Call it the revenge of the compulsory figures, those arcane and archaic ice tracings that give the sport of figure skating its name. They are unloved by skaters, unfathomable to spectators and ignored by television, which is why, starting next year, the compulsories will go the way of the dodo bird. They have been voted out of existence by the International Skating Union.
But last week at the World Figure Skating Championships in Halifax, Nova Scotia, the lame-duck compulsories—still worth 20% of the scoring—left a memorable epitaph in the elegant form of Jill Trenary, the new ladies' champion. If this was revenge, it was sweet, for the 21-year-old Trenary, a gracious and deserving winner, had paid her emotional dues on the road to her first world title.
This is not to say that the compulsories were the skating highlight of the week. That moment, celebrated by a two-minute standing ovation, belonged to Isabelle and Paul Duchesnay, the French dance couple who are brother and sister. Skating to a long program that depicted, in a wrenching crescendo, the struggle for human rights in South America, the Duchesnays were easily the week's most charismatic and original performers. Of course, they have been that since bursting into prominence with their jungle program at the 1988 Winter Olympics. It's just that they have never been marked that way by the judges. An appreciative Soviet audience nearly rioted this year when, at the European championships in Leningrad, the Duchesnays were placed third, behind two Soviet couples. But in Halifax the judges finally gave in, awarding the Duchesnays five 6.0's for artistic impression in their long program, and the silver medal overall, behind defending champions Marina Klimova and Sergei
Ponomarenko of the U.S.S.R.
In the men's competition, 23-year-old Kurt Browning became the first Canadian man to successfully defend his world championship. The victory turned around a season that had given his two principal rivals—Christopher Bowman of the U.S. and Viktor Petrenko of the Soviet Union—plenty of reason for hope. In February, Browning put on a disappointing show at the Canadian championships, barely prevailing over 17-year-old upstart Elvis Stojkow. Browning's training habits were questioned. His trademark quadruple toe loop had deserted him. And fans began wondering if his 1989 world title had been a fluke. Browning came to Halifax with a lot to prove.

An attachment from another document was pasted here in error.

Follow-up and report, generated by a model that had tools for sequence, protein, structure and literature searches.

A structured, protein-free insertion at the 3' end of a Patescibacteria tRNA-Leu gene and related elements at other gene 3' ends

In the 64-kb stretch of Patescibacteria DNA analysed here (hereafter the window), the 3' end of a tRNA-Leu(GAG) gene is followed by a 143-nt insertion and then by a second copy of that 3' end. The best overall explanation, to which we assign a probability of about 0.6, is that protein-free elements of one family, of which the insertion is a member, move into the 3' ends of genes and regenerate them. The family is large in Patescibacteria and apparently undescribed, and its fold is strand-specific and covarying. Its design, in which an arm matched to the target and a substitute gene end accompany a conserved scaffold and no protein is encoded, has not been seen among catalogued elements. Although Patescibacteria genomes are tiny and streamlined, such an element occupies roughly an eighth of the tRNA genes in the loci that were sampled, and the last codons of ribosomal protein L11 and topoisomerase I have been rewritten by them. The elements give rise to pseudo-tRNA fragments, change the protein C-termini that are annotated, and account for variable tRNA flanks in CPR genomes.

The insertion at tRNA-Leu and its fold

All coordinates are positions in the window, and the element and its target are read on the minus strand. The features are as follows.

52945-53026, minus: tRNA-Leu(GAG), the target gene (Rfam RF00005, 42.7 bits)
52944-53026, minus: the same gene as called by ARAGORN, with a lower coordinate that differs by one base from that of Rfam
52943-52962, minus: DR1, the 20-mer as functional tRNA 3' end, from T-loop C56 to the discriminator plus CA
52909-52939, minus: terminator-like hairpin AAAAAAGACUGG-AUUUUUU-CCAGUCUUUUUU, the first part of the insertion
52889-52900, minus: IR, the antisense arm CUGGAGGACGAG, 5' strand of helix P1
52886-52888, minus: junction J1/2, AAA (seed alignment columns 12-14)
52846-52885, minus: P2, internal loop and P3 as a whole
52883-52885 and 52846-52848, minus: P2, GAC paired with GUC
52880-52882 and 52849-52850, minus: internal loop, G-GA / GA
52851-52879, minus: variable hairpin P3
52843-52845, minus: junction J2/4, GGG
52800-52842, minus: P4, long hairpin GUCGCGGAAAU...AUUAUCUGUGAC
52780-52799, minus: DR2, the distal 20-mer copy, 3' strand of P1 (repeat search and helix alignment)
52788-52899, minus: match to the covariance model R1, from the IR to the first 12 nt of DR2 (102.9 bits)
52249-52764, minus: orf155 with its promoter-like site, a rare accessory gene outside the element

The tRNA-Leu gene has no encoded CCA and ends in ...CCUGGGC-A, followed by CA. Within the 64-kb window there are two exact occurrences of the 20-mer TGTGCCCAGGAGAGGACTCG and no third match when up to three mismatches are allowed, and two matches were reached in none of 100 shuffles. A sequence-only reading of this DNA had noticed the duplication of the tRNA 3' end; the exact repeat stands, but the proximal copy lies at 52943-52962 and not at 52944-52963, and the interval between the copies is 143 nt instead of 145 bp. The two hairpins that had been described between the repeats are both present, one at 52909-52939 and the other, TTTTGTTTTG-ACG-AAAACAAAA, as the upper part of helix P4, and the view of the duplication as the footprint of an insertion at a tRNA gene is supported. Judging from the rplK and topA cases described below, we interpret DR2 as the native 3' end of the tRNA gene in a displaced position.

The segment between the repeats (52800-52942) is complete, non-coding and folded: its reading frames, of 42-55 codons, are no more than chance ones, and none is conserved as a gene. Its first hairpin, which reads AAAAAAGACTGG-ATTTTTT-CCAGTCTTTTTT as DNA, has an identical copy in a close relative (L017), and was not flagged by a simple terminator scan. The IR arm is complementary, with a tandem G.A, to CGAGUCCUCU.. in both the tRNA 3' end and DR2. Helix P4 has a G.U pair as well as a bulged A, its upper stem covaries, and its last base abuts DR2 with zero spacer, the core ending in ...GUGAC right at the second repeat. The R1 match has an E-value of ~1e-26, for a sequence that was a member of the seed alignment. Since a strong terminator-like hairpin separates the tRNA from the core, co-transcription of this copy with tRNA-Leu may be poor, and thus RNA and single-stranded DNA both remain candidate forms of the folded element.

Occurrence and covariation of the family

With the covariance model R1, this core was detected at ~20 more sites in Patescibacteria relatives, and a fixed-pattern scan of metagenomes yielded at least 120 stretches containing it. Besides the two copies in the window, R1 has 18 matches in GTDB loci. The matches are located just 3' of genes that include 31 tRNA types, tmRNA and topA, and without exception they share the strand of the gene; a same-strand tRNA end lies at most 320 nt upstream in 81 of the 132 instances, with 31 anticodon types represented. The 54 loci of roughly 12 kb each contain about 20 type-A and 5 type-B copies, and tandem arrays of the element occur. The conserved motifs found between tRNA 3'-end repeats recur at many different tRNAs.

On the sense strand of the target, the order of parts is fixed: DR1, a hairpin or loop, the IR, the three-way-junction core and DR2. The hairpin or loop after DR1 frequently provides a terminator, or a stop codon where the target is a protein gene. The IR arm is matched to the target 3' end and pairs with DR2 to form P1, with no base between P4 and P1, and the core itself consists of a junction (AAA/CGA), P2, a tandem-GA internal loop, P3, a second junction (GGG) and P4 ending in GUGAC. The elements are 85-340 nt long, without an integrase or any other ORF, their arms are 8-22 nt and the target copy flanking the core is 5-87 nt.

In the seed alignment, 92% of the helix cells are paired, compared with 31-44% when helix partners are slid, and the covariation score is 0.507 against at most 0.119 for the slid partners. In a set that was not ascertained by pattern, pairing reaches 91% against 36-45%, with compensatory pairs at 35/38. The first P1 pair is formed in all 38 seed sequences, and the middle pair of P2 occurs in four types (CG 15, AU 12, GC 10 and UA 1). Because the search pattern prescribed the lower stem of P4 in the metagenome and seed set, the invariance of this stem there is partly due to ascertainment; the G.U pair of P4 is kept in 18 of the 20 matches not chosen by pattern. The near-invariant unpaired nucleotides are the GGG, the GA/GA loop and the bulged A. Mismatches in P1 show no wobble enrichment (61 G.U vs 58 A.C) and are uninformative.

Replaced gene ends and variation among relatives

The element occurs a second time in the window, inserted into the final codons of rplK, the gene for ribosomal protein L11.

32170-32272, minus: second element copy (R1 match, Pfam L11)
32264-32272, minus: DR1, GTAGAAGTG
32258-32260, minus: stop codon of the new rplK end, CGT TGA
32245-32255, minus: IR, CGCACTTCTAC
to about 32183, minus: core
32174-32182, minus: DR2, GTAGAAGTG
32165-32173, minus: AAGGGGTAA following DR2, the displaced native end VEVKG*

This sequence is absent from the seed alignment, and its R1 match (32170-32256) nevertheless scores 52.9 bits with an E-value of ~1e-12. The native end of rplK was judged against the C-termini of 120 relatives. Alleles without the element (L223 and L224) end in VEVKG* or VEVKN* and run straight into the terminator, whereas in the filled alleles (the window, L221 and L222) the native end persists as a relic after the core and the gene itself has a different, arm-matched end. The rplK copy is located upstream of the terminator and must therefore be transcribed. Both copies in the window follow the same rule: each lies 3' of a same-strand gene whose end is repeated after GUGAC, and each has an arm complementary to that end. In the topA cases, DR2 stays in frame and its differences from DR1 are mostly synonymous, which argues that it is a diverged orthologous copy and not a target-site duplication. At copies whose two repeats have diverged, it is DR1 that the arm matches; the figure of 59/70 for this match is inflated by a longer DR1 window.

So did Bowman, whose training habits this year had been openly repudiated by Frank Carroll, his longtime coach. Carroll has been singing variations on the same tune since the 22-year-old Bowman was five. "People don't know how I have literally had to drag this boy up the podium so that he is now the second in the world," Carroll recently said.
A month before the U.S. championships in Salt Lake City, Bowman, overweight and undertrained, finally began training seriously. During the championships he developed back spasms that made it painful to lift his arms, massacring his short program, and he withdrew from the competition. The crown of U.S. skating went to a likable and promising 18-year-old. Todd Eldredge from South Chatham, Mass. Bowman qualified because he had got a medal in 1989, but in Halifax a host of disapproving judges waited in ambush for him.
Going into last Thursday's free skating program, which was worth 50% of the scoring, the 20-year-old Petrenko had a slim lead over Browning and looked like a skater on the brink of greatness. But Petrenko has a history of running out of petrol. Sure enough, after landing a flawless triple Axel-triple toe loop combination in the opening seconds of his long program, Petrenko slowly wound down, completing only six of the eight triples he had planned and singling a double Axel during a strangely flat performance that left the door open for Browning.
Browning's style is nothing if not energetic, and in contrast to Petrenko, he dazzled the partisan crowd with such vitality that it seemed as if at the end of his 4½-minute program he was fully capable of running through the whole thing again. Even without his quad, which he turned into a triple toe loop-double toe loop at the last moment. Browning unleashed an impressive array of technical skills. And while a couple of the landings were rocky on his seven triple jumps, his was still the best performance of the night, good enough for the gold.
The last skater was Bowman, mired in fifth place after the compulsories and the short program. His Latin-style adlibbed long program can only be described as vintage Bowman. Preening before the judges, cha-cha-cha-ing to the audience, mugging for the cameras, he seemed to have skated straight off a Copacabana set where he had been cast in the role of a gigolo-waiter. Things were going fairly well until, about 30 seconds into his program, he stumbled on his triple Axel-double loop combination, whereupon the side of Bowman that he calls "Hans Brinker from hell" took over. Deciding that "Gee, this is a really good program, but I'm skating against Viktor and Kurt," Bowman chucked his prepared routine and began "jumping my brains out" to try to rack up a few more technical points.
The brains were the first to go. Next he ditched his triple loop and replaced it with a triple Axel. Unfortunately, the triple Axel has never been a Bowman forte, and he singled it. Then he inserted a triple loop in a spot where he had planned only footwork. All the attendant little touches, the arm movements and choreography that are months in the perfecting, were altered, replaced by "interesting movements," as Bowman would later describe them. Bowman was skating by the seat of his pants. Carroll watched, seething. "It is always interesting to see a student's new program unveiled at the world championships," he said dryly upon the event's conclusion. "I was in total shock. Yes, I am angry. I ask myself, Why do I have the only maniac in figure skating?"